It is said with a combination of passionate joy and admiring wonder. As the Torah is raised for all to see, the congregants point to it as they recite a verse from this week’s parsha. “V’zos hatorah asher sam Moshe…” This is the Torah that Moshe presented before the children of Israel (Deuteronomy 4:44). It would seem that this verse refers to the deep and beautiful laws that inspire the same awe as the sight of the Torah scroll unfurled in all its glory. It isn’t. In fact, the words now used to announce the glory of the Torah in its entirety are placed directly after a part of the Torah we might rather have skipped. The words, “V’zos HaTorah – this is the Torah” are written following the laws of the cities of refuge. People convicted of negligent manslaughter or awaiting trial for that crime must stay in specially designated cities until the Kohein Gadol dies. The cities of refuge are strategically located and in this week’s portion the Torah reviews both the entry qualifications and the terms of inhabitance. We Jews are not proud of killers, yet we obviously must deal with them. The question is, however, why are the words, “this is the Torah,” which seem to personify the very essence of our code of life, placed within any proximity to laws that show our lowest point. Rashi, the classic medieval commentator, may be bothered by this juxtaposition. He comments that the words refer to an ensuing portion, which recounts the Sinai experience and the receiving of the Ten Commandments. Ramban explains that after Moshe’s admonition of the people, he once again resumes discussing the laws with them. I would like to explain the location of the words with a homiletic approach.
In the early 1900s a Rabbi who lived in the tenements on the Manhattan’s Lower East Side had to attend a City function at which a notoriously anti-Semitic Episcopalian Minister was also present.
The Minister turned to the Rabbi and with a sinister smile remarked, “What a coincidence! It was just last night that I dreamt I was in Jewish heaven.”
“Jewish heaven?” inquired the Rabbi. “What is it like in Jewish heaven?”
“Oh!” replied the priest. “In Jewish heaven the streets were filled with Jews. Children, their faces dirty, shirts untucked, and clothes unpressed were playing in the dirt. Women were haggling with fish-vendors as Jewish beggars tried to interrupt, asking for handouts. The clotheslines stretched across the roads with the dripping wash mixing with the dust below to add more mud to the existing mess on the ground. And of course,” he added with a sinister laugh, “rabbis were running back and forth with large Talmudic volumes tucked under their arms!”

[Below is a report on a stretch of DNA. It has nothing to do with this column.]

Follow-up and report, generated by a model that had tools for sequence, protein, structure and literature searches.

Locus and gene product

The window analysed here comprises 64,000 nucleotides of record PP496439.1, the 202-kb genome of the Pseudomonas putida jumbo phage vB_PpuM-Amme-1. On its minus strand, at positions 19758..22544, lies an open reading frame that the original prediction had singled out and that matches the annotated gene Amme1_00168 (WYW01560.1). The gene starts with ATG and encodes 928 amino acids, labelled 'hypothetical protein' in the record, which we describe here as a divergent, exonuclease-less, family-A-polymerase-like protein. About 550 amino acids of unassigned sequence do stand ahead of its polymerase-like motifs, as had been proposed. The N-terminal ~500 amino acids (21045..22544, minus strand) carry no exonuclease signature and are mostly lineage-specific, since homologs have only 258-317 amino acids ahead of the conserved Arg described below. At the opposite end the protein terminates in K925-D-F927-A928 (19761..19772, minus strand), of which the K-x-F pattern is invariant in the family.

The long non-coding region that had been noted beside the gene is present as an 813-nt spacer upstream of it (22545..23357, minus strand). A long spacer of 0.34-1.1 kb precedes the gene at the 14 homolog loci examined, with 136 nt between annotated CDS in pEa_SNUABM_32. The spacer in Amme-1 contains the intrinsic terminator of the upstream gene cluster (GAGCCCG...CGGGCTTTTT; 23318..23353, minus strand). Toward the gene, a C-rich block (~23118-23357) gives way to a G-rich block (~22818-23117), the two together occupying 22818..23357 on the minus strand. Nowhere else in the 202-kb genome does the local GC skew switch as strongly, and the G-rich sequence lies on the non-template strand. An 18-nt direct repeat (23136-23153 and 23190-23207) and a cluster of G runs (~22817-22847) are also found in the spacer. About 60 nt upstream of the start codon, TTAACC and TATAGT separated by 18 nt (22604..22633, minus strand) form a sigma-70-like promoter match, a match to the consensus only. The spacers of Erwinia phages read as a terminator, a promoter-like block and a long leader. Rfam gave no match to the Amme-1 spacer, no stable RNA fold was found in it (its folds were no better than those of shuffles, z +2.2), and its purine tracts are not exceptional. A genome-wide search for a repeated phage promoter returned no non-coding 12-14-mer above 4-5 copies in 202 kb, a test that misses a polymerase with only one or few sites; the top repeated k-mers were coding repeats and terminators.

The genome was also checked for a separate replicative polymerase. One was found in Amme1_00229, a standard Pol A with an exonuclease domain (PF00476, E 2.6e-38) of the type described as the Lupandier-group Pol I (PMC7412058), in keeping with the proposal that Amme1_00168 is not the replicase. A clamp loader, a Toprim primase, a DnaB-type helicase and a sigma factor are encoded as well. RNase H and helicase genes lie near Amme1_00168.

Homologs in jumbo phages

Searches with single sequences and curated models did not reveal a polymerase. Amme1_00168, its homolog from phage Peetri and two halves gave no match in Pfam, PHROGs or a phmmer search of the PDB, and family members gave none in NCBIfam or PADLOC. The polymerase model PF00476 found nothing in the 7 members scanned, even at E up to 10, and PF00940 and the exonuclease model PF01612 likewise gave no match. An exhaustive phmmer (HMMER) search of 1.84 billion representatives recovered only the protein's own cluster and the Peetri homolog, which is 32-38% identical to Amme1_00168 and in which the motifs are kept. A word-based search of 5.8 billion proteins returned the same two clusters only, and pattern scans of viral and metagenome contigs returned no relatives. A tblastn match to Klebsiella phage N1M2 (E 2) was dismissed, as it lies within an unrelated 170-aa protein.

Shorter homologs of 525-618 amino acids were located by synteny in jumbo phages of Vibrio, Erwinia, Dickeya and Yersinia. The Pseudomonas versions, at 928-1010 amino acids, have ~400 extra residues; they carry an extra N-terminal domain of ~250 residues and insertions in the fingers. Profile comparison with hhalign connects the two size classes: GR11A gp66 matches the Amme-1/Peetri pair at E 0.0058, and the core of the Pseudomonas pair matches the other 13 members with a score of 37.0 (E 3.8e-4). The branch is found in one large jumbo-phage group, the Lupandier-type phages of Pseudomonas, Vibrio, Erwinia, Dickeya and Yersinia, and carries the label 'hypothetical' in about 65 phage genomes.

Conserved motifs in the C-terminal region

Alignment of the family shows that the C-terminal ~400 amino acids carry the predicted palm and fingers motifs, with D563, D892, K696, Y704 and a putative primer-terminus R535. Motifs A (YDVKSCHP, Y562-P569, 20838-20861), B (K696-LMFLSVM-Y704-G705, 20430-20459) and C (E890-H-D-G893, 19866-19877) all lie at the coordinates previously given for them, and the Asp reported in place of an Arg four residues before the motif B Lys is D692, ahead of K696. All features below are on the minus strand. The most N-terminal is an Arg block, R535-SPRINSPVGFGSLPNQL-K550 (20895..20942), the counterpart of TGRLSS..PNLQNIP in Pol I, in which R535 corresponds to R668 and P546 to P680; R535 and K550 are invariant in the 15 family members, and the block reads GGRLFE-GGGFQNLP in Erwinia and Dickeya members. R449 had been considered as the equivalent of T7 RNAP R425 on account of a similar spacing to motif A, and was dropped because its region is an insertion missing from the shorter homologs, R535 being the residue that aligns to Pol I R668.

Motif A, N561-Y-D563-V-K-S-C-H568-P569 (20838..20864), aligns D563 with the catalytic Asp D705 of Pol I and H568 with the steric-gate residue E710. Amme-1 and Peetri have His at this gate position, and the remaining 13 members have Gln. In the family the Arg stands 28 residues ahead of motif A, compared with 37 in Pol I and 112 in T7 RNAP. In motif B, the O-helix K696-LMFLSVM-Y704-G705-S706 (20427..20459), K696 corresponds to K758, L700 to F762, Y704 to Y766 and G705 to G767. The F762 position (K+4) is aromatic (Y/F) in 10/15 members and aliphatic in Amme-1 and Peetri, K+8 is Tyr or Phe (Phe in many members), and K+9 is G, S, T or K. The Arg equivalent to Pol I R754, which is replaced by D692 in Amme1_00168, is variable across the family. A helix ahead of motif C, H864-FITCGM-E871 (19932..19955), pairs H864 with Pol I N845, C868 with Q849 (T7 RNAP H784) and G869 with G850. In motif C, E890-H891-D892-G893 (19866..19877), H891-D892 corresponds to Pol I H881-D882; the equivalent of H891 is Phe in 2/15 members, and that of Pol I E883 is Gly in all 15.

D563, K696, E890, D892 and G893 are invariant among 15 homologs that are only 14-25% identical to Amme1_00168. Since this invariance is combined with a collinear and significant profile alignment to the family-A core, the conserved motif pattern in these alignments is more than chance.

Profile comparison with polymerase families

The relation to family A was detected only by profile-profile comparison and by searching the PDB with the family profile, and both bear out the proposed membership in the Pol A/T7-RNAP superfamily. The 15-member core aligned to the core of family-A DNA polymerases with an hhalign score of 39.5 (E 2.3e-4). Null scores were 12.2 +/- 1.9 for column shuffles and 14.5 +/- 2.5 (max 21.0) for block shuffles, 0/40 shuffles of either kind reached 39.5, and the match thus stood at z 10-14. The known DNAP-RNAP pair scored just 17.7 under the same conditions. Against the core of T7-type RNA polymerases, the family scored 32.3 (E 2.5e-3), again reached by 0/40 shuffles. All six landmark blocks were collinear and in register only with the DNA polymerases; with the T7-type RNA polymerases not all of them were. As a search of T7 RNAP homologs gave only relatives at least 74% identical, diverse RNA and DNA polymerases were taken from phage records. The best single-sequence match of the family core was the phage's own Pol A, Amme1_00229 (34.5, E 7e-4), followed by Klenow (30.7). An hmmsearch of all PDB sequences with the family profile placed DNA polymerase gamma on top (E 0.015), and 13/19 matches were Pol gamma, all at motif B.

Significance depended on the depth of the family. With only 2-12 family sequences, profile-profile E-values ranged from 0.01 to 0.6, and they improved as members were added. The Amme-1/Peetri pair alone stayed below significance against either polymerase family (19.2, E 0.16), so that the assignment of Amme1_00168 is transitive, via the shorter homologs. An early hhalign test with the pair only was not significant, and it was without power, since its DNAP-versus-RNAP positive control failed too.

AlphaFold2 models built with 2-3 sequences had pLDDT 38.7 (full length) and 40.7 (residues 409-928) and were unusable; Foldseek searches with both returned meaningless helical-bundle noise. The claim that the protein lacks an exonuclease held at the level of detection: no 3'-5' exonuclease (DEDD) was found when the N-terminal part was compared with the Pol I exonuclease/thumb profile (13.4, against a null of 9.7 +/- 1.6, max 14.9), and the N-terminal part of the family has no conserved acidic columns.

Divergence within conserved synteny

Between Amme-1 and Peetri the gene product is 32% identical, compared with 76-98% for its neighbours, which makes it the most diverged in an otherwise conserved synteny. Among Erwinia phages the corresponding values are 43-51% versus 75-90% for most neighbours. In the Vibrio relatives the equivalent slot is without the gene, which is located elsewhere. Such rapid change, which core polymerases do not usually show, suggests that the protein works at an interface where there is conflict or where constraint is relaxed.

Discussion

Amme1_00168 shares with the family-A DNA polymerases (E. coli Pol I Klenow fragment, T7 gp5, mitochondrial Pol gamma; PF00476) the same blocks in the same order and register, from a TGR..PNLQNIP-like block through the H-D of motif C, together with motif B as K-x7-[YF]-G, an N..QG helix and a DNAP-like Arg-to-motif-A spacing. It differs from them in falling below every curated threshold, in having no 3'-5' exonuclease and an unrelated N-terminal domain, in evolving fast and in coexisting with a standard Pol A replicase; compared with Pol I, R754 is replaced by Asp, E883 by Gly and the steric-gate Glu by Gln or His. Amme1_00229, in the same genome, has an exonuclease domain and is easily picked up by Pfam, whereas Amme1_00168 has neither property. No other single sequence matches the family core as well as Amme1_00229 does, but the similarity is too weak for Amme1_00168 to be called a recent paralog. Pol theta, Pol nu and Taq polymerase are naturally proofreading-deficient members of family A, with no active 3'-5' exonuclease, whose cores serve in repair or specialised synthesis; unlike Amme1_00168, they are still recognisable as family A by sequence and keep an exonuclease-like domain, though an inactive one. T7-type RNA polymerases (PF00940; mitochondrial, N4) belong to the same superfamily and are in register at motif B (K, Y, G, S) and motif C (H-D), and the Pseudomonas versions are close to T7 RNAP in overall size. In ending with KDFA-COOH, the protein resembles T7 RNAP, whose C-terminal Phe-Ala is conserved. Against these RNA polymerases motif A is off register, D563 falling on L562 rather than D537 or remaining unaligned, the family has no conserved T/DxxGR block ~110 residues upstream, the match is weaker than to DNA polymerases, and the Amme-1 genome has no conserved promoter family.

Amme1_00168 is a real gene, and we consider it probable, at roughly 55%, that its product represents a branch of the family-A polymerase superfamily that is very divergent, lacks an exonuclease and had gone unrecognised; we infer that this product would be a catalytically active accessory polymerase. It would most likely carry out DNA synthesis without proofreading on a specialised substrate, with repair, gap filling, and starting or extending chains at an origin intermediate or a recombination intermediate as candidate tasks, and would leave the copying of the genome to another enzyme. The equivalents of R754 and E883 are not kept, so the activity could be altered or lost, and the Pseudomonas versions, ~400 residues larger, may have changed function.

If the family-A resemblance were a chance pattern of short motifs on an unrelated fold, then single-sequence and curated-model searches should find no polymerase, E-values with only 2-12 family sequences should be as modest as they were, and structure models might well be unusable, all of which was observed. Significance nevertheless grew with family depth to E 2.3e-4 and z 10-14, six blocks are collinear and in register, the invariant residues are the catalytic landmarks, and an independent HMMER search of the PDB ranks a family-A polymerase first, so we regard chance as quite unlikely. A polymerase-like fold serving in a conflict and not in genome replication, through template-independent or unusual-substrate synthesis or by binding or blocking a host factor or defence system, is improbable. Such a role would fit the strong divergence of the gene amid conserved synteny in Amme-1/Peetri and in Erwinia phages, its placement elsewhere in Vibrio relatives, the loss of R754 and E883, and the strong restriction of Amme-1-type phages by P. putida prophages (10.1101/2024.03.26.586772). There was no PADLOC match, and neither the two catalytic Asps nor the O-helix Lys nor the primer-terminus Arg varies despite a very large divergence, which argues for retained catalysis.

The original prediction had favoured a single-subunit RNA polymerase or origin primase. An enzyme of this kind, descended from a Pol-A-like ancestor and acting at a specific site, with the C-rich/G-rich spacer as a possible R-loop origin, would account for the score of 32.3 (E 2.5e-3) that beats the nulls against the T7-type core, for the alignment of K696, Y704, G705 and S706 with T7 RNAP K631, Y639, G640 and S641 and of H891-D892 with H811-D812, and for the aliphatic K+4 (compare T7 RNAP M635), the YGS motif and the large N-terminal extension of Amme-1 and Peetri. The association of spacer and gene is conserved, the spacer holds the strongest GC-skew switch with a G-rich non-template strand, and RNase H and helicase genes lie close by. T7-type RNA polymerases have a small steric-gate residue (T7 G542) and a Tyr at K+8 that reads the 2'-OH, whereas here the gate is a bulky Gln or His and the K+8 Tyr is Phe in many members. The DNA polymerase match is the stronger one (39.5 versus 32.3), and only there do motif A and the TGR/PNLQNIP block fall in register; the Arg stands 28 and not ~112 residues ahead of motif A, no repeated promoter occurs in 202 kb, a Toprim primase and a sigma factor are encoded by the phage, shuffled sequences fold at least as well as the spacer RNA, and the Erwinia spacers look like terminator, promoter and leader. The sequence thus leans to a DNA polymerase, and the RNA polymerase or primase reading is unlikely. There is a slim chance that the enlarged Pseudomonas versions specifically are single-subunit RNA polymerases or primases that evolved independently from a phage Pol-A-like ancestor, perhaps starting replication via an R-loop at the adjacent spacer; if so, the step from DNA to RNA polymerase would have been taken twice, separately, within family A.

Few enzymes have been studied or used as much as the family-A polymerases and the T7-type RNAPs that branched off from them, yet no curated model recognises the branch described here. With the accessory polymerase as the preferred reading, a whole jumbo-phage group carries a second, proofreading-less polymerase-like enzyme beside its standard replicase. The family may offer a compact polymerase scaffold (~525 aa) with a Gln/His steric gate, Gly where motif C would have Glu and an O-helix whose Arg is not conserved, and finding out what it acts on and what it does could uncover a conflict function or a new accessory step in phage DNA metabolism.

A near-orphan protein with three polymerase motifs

The Rabbi pursed his lips and then replied, “that is truly amazing. You see I dreamt last night that I was in Episcopalian heaven.”
“Really?” the Minister asked “And pray tell me what is it like in Episcopalian heaven?”
“It is magnificent. The streets shine as if they have recently been washed. The homes are exquisitely lined up in perfect symmetry, each with a small garden that has beautiful flowers and a perfectly manicured lawn. The homes were freshly painted and they sparkled in the sunlight!”
The Minister beamed. “And what about the people? Tell me about the people!”
The Rabbi smiled, looked the Minister right in the eye, and tersely stated, “There were no people.”
By placing the words “this is the Torah that Moshe presented” directly after the laws of the cities of refuge, the Torah sends a message that it does not shirk or evade guiding us through every aspect of life. Whether the Torah is commanding the laws of priestly blessings or sharing the Passover story or rehabilitating a man who accidentally killed, it is an equal part of Torah and must be proudly proclaimed as such. We don’t ignore our misfortunes nor hide them as if they do not exist. The laws of thieves and murderers are as part of the Torah as the perpetrators are part of society. We don’t hide the unfortunate and wrongdoers from our existence. They exist in society and in the Torah that deals with their needs and laws. And when it deals with them the Torah proudly proclaims that this, too, is the Torah that Moshe placed before the Children of Israel.
Mordechai Kamenetzky – Yeshiva of South Shore 516-328-2490 Fax 516-328-2553 http://www.yoss.org for drasha http://www.torah.org/learning/drasha
Copyright © 1997 by Rabbi M. Kamenetzky and Project Genesis, Inc.
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The author is the Dean of the Yeshiva of South Shore.
Drasha is the e-mail edition of FaxHomily, a weekly torah facsimile on the weekly portion
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Books by Rabbi Mordechai Kamenetzky: